An old feature of ISA Server/Forefront TMG 2010, which if memory helps created over the time a few sparks within the community, is the forward web proxy’s ability to “not limit the ports to which the Web proxy may forward requests”. 
Personal I’m not a fan of such an “ability”.
Recently, during a security audit, I’ve put to “work” this ability to scan/fingerprint TCP ports/services through Forefront TMG 2010 while TMG provided network separation.
Since we can actually issue “HTTP requests” to “web sites” on virtually almost any ports, little stops us to issue requests to other services like SMTP, IMAP, POP3, FTP, RDP, etc.; all we need is to have allowed HTTP to the required destination.
Key parts of this scanning method are the default error codes/messages/pages returned by the web proxy, errors which should be pretty clear and helpful since they are normally used for troubleshooting purposes.
Also there are some fortunate cases in which the actual response of the server might be allowed through by TMG, cases which enable us to find valuable information about the services running on the scanned ports.
Imagine a server isolated on a TMG network, we only have HTTP and HTTPS access to it, but we can actually attempt to discover the services available on that server(assuming a host firewall is not blocking us) using TMG’s web proxy abilities.
A simple example of a fortunate case that you can experiment yourself is smtp.live.com, below I’m only allowing HTTP+HTTPS through TMG from the clients(we don’t care too much for the moment about HTTPS since we need to issue a CONNECT method to a different port than 443 which is not permitted by default on TMG); URL filtering is on with the default blocked list of dangerous sites in place.
Basically, by firewall rules, we’re allowed only to access HTTP and HTTPS on that server.
Say I Telnet to TMG’s proxy IP address and port then issue some mambo jambo command(note that NIS protocol anomaly block is not enabled by default, that’s why I’ve typed what came through my mind).
Here is how it looks on the client side within a Wireshark trace the request made and the response received, note that TMG “spits” back server’s response(which would be seen on the telnet console), that’s why I said it may be a fortunate case(apparently TMG’s web proxy isn’t so strict about server responses):
Here is the associated Wireshark trace on the “outside” network, note that TMG connects to the SMTP service port although we are not supposed to do that, issues the invalid SMTP command, it gets back a nice response about the server’s capabilities, response which, as we saw above, would be forwarded to the client.
Here is the associated log on TMG when the connection was initiated, one more time note that basically we have virtually access for probing almost all services on remote hosts through TMG by default like so in our test scenario:
So we found out that the port is opened, and that the SMTP service uses STARTTLS.
A similar example for POP3, but not a fortunate one this time since TMG will block the server’s response.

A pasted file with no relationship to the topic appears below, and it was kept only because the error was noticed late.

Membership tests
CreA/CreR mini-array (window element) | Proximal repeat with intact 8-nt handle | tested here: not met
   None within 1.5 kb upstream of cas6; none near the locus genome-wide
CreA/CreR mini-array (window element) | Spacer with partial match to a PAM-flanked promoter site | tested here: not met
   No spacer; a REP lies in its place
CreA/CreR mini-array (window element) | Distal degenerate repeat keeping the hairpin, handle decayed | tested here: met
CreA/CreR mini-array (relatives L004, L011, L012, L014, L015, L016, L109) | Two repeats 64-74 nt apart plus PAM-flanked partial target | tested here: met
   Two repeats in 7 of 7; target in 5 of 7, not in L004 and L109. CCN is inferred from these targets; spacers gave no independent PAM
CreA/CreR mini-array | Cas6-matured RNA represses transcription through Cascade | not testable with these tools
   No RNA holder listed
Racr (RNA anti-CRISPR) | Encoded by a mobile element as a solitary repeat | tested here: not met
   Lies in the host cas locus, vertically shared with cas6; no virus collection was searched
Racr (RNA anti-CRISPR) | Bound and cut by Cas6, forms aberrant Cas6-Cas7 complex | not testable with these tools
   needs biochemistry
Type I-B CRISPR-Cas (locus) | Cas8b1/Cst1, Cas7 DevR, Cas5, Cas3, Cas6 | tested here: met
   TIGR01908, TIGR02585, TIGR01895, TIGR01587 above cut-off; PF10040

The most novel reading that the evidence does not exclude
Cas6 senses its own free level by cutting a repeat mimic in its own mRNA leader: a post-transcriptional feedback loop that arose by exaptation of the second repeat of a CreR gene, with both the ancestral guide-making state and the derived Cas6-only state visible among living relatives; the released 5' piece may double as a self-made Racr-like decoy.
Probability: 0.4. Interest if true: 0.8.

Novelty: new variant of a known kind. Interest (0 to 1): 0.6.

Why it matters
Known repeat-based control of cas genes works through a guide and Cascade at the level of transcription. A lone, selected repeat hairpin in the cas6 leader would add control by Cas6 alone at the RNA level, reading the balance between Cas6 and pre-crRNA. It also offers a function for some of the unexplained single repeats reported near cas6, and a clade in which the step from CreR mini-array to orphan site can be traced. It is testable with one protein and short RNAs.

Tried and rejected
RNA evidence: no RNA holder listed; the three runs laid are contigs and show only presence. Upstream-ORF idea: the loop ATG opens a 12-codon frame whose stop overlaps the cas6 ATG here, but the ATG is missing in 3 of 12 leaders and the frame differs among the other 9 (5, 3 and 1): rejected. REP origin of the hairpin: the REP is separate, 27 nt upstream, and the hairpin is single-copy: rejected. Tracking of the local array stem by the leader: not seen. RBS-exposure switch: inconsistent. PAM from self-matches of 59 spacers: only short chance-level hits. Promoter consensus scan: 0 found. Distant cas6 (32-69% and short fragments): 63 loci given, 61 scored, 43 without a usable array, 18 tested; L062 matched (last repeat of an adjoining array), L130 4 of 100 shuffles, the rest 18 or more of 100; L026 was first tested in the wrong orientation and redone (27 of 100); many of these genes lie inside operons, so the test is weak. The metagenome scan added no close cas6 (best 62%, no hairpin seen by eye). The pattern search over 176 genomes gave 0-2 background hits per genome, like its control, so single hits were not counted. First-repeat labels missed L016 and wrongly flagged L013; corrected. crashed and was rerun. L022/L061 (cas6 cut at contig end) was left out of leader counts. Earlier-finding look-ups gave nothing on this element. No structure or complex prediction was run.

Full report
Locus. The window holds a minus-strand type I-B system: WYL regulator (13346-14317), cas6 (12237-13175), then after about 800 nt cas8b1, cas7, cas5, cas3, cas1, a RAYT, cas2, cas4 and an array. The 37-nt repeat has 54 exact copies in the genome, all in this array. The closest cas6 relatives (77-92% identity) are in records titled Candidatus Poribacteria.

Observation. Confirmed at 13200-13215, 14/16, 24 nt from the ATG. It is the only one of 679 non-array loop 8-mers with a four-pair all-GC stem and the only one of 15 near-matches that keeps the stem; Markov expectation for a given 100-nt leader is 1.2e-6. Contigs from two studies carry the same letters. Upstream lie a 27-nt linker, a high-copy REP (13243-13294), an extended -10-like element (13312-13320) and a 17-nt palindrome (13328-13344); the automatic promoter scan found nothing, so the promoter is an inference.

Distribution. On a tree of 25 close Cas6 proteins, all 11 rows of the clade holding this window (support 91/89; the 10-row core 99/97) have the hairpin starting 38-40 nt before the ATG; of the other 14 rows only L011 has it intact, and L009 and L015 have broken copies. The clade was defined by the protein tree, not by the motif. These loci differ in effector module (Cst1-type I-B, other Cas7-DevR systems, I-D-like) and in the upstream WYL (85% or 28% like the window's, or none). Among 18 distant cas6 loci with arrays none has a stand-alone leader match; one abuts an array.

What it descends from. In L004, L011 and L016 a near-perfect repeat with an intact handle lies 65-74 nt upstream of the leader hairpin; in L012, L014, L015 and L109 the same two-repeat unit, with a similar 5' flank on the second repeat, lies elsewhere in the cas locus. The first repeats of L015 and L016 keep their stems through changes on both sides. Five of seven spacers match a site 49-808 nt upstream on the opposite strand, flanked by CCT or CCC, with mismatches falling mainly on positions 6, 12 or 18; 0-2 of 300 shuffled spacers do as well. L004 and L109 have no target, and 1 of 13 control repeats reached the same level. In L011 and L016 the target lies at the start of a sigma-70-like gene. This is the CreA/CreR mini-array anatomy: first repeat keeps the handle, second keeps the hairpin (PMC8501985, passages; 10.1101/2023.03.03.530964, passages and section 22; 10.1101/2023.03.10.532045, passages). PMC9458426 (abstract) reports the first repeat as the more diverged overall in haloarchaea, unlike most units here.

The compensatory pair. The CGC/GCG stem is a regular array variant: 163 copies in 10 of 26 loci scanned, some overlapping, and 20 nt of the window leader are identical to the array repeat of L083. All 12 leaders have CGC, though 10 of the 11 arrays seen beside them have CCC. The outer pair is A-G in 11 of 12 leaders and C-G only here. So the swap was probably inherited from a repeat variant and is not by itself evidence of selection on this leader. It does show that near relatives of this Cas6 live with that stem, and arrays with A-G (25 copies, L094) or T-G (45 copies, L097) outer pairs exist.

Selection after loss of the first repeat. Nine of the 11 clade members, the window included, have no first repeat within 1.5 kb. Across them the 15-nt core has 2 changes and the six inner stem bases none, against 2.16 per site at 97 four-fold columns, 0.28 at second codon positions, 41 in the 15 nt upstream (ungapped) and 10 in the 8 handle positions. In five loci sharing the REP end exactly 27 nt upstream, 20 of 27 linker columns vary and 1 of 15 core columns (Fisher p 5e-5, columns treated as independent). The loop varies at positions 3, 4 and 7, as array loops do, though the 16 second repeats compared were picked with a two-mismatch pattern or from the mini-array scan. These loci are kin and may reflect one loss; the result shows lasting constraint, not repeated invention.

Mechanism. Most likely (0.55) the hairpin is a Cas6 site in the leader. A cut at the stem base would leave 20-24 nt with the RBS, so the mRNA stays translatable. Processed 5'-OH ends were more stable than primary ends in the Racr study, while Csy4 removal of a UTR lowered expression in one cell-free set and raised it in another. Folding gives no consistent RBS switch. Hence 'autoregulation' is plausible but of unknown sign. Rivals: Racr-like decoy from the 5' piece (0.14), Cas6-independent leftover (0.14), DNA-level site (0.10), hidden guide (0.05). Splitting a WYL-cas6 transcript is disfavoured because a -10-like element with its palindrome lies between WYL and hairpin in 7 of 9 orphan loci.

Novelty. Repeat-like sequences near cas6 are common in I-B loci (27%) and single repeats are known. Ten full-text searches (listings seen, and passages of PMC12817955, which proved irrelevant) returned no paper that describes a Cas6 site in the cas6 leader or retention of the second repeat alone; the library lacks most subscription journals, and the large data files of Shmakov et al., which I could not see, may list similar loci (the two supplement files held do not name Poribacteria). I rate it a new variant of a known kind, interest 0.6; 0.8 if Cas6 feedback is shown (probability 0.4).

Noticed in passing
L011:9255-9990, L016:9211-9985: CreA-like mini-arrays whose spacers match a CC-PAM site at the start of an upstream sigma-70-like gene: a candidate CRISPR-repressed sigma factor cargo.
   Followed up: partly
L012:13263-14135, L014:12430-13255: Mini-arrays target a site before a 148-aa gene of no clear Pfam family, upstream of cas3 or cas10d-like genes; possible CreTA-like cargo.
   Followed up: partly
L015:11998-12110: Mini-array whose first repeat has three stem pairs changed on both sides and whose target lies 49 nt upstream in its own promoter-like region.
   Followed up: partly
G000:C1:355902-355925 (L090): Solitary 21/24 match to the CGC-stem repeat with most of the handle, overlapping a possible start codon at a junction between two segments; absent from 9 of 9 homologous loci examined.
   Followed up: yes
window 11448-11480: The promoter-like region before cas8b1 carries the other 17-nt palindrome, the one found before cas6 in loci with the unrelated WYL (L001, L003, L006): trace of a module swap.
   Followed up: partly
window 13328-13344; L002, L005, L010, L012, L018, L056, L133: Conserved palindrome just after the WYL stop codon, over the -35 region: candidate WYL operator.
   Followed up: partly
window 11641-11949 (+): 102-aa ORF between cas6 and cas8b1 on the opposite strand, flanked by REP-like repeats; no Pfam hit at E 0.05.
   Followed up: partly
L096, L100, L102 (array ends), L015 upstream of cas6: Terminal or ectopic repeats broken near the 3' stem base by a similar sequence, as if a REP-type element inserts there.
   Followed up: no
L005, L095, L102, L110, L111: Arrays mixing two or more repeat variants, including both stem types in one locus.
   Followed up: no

The Wireshark trace on the client, we get a 502 proxy error from TMG, and the error page has some extra data:
Here is what TMG did(note the server’s response) and the associated log, looks like the Malware Inspection was enabled and blocked the response(if this would not have been enabled we would had received the response on the client side):
Now although we did not get back the response, based on the proxy error code + error page received on the client side, we know the port may be actually opened.
Another open port example, this time the server will not respond with any message or so.
As usual we issue the mambo jambo command, but this time the server simple just TCP AKCs our message; based on the server’s settings the TCP connection will be kept open a while, then the server will RST the connection.
Looking at TMG’s logs, first we notice TMG opening a TCP connection to the destination port, than a log for the failed “HTTP” attempt will be present, note the error code.
On the client side we have a 502 proxy error code coupled with a useful error page, so looks like the port is opened.
So after we saw what we get from TMG when a port is open, what about closed ports or filtered ones ?
Typically we say a port is closed when the connection(initial SYN segment) is RST-ed.
Say we attempt that.
On TMG’s logs we can spot the connection attempt:
On the client side, we have the 502 proxy error code and the usual useful error page from which we can assume that the port was closed:
For a filtered port, usually we send a SYN segment and we will not receive the SYN|ACK from the server.
On TMG this will be logged for our attempt:
On the client side, we get a 504 proxy timeout error code and again an useful error page, combining these two we may reckon the port is filtered:
So, although, not particularly quite exact science and while results would vary due to the difficulty of scanning(rules requiring authentication, strict whitelist destinations, network layout, etc), we might be able like so to get the picture about the (common) services running on a server, services that we are not supposed to access or know about.
 Internet Security and Acceleration Server 2004/2006 SDK: About Web Proxy Clients
 Forefront Threat Management Gateway: About Web Proxy Clients